Every day of the year, Electric Literature is grateful for the people who read and share what we publish. But on this Giving Tuesday, we’re coming to you with a special request: Electric Lit is aiming for 1,000 members by 2020, and we want you to be one of them. Your membership gets you discounts in our store, access to year-round submissions, and the knowledge that you’re supporting our mission to make literature more relevant, exciting, and inclusive. If that’s all you need to hear, smash that button. If you need more convincing, read on.
Electric Lit has been publishing for ten (!!) years, going from a quarterly print anthology to weekly fiction Tumblr to a robust culture website. That means we’ve outlasted a number of devastating layoffs and heartbreaking closures in the media world: the Awl, the Hairpin, and Topic (not profitable enough), The Toast (saw the writing on the wall), Gawker (got on the wrong guy’s bad side), Splinter (owned by idiots), Deadspin (“didn’t stick to sports” and owned by idiots), and Pacific Standard (question mark). We take no joy in this, though we’re glad to still be here. What it means, though, is that as culture and commentary sites fall to capitalistic concerns, we feel more and more serious about our responsibility to bring you thoughtful, illuminating work that situates books and stories in the context of our challenging political moment. And, let’s be honest, we also feel worried about the future.
We know there are a million demands on your money, especially now. (Especially today!) Your preferred primary candidate wants it. The ACLU and RAICES and all the other causes clamoring for your support want it, and they deserve it. It can feel sometimes like you’re just throwing donations at every problem and they’re all still getting worse. But this is a situation where your funds truly go a long way. We are a tiny nonprofit with no academic affiliation or major funder, and we’re used to stretching every buck. If just a thousand of you—under a quarter of a percent of our monthly readers!—are able to dedicate just $5 per month—one single fancy coffee drink!—you can make a real, measurable contribution to our continued survival. At a time when other culture sites are having their plugs pulled for being too political, for not making enough money, or just for no reason at all, that means a lot. We don’t answer to VCs or any other big funder who can do us dirty that way. All we have is you.
I know the “one coffee drink per month” thing is a little cliche, so here are a few other points of comparison:
- You could have a third cocktail at the 928957th birthday party of Scorpio season, OR you can have a beer instead, dedicate the difference to helping us offer benefits for our staff, and probably feel better in the morning.
- You could upgrade to Duolingo Plus for two weeks, OR you can help make sure we always have enough buffer to pay writers on time.
- You could get another bottle of nail polish that’s basically the same color as all your other bottles of nail polish, OR you can help us reject our reliance on Amazon affiliate fees.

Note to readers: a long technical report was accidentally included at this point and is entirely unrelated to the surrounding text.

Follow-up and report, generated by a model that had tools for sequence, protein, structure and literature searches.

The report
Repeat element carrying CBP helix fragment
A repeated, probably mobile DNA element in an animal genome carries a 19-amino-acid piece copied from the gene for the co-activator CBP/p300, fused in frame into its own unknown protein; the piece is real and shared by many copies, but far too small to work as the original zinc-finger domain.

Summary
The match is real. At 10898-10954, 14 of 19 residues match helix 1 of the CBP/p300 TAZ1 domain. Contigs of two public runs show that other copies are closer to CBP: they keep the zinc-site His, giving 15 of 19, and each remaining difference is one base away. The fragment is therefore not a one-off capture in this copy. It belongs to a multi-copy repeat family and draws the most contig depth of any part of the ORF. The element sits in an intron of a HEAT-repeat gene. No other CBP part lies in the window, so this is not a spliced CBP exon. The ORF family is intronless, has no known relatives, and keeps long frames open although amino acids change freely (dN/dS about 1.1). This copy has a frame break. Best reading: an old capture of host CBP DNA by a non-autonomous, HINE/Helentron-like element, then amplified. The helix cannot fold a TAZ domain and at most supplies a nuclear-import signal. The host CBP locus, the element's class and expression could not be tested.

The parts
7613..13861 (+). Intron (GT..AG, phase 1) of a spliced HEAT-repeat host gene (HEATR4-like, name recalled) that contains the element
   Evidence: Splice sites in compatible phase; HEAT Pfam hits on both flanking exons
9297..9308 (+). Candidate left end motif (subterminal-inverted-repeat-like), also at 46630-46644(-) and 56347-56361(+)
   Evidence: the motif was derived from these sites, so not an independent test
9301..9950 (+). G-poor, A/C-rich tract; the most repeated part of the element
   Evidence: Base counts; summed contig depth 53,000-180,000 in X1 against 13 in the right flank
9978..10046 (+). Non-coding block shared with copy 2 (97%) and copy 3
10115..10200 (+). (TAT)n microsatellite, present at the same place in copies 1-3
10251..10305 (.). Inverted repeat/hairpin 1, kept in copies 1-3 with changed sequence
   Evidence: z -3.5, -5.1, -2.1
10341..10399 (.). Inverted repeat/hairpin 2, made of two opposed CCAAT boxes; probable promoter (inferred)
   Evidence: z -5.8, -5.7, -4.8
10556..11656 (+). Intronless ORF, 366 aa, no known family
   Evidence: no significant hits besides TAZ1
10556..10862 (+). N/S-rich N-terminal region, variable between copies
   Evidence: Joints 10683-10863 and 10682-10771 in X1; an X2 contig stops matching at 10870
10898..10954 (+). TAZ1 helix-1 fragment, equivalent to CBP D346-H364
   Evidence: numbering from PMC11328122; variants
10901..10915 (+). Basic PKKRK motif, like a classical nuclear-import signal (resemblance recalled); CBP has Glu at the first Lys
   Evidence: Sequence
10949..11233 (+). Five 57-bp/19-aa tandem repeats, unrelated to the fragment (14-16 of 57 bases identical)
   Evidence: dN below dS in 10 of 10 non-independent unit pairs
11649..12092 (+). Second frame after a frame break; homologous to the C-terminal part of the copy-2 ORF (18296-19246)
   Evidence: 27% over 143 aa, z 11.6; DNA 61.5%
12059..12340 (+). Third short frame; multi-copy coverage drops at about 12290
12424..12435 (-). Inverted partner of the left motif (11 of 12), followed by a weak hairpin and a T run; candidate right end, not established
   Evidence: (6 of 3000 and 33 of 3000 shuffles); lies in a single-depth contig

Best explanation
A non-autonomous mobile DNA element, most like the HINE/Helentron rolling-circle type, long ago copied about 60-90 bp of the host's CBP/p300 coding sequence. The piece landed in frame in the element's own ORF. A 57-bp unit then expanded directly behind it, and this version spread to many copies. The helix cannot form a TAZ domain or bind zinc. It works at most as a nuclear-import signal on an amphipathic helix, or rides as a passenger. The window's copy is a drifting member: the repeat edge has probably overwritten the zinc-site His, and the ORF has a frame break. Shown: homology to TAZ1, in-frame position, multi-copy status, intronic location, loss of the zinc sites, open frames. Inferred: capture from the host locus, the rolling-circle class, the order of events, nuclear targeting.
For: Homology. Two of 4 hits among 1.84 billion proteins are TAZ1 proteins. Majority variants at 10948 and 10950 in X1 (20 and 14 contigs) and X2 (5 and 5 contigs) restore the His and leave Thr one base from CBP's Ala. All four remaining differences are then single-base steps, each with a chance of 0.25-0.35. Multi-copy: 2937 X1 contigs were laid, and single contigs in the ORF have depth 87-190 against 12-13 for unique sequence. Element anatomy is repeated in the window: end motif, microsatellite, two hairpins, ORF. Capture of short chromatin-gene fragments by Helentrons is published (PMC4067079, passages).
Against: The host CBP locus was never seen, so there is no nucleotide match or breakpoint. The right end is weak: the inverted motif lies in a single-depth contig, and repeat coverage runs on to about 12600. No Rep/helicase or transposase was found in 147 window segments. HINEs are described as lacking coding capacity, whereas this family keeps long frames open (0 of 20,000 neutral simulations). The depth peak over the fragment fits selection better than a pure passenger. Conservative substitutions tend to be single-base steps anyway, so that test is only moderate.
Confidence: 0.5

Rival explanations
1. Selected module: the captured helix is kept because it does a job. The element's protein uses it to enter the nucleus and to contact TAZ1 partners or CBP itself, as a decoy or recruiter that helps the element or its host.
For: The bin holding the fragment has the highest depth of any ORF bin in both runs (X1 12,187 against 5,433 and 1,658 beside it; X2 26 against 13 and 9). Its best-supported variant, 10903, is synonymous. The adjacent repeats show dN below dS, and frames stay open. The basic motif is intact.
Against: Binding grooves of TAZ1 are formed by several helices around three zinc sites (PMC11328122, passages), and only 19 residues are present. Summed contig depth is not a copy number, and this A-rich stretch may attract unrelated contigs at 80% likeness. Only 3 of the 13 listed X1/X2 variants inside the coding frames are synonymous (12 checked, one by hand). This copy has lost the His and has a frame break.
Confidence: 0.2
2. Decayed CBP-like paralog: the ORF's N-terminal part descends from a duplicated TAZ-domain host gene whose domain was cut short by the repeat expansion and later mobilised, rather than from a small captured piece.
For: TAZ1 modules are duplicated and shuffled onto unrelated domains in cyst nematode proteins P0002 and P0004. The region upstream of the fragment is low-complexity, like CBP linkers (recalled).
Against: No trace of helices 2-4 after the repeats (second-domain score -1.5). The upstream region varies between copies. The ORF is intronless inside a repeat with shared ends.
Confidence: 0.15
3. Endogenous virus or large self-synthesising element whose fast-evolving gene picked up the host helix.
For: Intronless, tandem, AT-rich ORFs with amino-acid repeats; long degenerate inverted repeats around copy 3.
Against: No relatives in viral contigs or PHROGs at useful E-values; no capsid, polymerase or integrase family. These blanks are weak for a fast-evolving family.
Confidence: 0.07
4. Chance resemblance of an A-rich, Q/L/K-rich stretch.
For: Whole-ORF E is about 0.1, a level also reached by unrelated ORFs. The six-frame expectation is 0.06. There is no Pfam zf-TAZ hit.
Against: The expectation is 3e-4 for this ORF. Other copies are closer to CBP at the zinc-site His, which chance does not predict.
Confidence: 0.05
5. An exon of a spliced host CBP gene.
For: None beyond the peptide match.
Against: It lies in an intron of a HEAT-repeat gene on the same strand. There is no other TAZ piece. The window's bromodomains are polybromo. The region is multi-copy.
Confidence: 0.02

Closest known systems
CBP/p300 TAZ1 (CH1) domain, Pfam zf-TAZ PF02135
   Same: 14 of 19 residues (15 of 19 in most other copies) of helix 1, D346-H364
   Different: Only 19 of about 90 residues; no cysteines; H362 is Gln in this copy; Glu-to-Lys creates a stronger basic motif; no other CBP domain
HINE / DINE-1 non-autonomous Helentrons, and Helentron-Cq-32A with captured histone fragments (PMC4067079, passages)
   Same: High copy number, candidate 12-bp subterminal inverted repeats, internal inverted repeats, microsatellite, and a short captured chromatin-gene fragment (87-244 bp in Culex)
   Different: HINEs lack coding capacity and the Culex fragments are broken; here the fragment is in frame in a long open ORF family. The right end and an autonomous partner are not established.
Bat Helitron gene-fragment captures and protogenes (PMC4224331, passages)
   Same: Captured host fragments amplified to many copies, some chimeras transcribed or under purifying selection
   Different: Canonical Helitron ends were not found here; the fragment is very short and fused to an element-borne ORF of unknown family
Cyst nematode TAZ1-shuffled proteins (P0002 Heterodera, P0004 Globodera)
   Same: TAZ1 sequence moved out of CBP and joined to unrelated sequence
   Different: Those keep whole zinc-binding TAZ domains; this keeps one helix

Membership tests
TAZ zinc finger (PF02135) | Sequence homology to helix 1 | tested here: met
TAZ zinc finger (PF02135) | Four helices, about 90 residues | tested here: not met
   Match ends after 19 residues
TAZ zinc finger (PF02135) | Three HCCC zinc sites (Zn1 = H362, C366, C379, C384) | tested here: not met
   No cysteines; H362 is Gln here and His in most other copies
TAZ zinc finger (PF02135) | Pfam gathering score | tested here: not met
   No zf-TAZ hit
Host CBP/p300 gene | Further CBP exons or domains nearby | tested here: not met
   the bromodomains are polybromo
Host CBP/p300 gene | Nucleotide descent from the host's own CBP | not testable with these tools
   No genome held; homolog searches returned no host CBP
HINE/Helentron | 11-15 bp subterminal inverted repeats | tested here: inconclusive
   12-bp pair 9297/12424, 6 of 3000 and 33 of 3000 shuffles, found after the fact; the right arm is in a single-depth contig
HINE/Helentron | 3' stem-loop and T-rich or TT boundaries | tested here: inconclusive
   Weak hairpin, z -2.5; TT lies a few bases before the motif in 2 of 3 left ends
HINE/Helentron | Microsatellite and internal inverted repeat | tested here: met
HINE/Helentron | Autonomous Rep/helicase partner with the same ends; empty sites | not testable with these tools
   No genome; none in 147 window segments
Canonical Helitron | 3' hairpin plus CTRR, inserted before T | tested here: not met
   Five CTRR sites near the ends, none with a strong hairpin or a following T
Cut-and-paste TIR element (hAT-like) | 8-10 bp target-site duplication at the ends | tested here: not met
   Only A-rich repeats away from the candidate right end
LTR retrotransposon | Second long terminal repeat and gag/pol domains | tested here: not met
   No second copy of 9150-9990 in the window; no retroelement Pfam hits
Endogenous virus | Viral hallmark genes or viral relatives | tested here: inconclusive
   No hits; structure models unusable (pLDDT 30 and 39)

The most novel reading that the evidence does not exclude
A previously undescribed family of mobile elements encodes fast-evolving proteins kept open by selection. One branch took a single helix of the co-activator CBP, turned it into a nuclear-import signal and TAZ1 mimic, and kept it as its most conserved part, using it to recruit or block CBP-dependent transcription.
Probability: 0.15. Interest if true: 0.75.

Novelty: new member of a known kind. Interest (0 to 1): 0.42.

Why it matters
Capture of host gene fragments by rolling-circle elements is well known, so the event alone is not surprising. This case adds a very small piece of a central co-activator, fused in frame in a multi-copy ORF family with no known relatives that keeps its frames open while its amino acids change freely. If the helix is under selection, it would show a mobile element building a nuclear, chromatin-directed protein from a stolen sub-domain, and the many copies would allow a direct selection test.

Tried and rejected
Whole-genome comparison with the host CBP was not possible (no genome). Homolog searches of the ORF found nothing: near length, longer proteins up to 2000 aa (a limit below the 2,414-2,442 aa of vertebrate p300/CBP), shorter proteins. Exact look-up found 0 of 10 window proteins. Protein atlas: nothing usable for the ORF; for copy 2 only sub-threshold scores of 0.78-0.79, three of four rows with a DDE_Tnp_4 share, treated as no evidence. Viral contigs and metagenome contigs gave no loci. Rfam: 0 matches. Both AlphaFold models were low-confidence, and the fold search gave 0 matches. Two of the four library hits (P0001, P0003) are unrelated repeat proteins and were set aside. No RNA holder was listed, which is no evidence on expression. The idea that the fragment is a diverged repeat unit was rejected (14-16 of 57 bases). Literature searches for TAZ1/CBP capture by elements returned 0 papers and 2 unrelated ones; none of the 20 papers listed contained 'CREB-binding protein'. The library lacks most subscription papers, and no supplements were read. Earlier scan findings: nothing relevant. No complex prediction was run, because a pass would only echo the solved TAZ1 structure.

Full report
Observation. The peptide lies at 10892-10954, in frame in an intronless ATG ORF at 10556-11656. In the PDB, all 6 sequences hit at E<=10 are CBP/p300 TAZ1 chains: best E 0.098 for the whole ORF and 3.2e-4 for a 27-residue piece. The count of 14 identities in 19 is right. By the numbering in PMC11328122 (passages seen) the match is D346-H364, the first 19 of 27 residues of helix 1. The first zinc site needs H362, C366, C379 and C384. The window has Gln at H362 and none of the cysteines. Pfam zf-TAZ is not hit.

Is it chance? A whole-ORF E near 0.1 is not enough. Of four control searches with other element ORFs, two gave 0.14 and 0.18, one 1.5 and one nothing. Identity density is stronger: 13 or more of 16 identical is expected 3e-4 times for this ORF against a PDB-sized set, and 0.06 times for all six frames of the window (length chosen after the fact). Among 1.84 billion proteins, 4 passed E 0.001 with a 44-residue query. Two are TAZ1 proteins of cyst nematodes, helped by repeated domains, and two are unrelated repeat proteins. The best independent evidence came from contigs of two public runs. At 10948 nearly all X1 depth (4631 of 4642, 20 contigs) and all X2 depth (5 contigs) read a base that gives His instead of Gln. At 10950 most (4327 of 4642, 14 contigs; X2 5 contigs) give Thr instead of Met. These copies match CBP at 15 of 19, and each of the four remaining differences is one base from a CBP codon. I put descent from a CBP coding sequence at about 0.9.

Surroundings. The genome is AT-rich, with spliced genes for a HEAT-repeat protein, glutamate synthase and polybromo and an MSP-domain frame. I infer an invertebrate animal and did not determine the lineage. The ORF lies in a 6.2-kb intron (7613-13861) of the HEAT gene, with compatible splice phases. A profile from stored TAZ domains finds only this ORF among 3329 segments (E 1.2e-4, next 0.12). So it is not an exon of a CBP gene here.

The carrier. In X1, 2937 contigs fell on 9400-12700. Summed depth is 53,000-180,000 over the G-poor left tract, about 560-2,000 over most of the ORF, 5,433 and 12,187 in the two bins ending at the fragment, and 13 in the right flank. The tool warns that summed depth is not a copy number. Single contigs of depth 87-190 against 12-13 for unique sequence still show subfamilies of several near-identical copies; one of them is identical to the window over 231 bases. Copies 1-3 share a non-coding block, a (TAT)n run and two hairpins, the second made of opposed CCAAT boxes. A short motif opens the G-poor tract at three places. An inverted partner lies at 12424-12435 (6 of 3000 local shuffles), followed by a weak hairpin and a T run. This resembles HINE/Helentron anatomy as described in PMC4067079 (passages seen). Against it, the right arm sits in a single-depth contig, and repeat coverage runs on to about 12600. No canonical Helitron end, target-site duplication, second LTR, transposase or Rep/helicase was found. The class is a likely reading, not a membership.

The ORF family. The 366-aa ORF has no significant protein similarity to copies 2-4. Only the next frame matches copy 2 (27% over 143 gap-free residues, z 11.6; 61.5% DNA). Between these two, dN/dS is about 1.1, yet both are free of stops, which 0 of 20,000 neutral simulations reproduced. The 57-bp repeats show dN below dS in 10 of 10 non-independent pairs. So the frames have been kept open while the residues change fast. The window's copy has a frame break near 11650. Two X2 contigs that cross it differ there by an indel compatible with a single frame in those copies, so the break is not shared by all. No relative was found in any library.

This is cheap at twice the price, and it means everything to us. Your support lets us invest in our writers, offer security to our staff, and commit every day to bringing you high-quality writing that wrestles with the important questions of our time.
Ready to join yet?
Or do you want to read some of the nice things highly celebrated writers have said about EL?
National Book Award winner Susan Choi:
Electric Literature is the bookstore open at 3 a.m. for the insomniac in bed; it’s the book group for the lonely non-joiner; it’s the literary website your jaded teenage kids try to read over your shoulder; it’s a godsend for the procrastinating syllabus-writer; it is remaking the canon, it is expanding the community, it is blasting the dust away, it is lighting everything up and offering the words for the new vividness – why do you think they call it ELECTRIC? Marvel at it, feast from it, and for God’s sake support it!
Pulitzer Prize finalist Karen Russell:
Electric Literature is where I go to be delighted. Also: haunted, elevated, provoked, frightened, inspired. It’s jungle-lush with strange, amazing life, and an essential part of our contemporary literary biodiversity. … I’ve discovered so many favorite stories here, recommended by authors I love; every semester I teach Electric Literature original fiction. What an oasis it has been for me and so many other readers and writers—predictably surprising, darkly illuminating, and perhaps the best paradox of all: a genuine virtual community. I subscribed, and I have to say, what you get is much better than a novelty T-shirt. It’s reliable astonishment, a thousand ways to be amazed at what words in a row can accomplishment, how they root into readers and transform the whole ecosystem of thought, ramify into action. Let’s keep it going and growing.
National Book Award finalist Carmen Maria Machado:
I have been publishing on and off in Electric Literature since 2016. It’s a magazine that is near and dear to my heart, not only for its incredible fiction and essays, but its commitment to all literature, regardless of genre, and its willingness to tackle difficult, important political conversations in the literary world. Electric Literature has published three pieces that I have either authored or participated in—each of these projects pushed boundaries, disrupted forms, and created a stir—and I know I wouldn’t have been able to find a home for them anywhere else.
Pulitzer Prize finalist Rebecca Makkai:
Electric Lit is electric, and lit, and electrically lit, a jolt of magic and reason and beauty and wonder and chaos and order and wisdom. We need those things like we need air, and we need Electric Literature to thrive.
Join their ranks by joining our ranks today.
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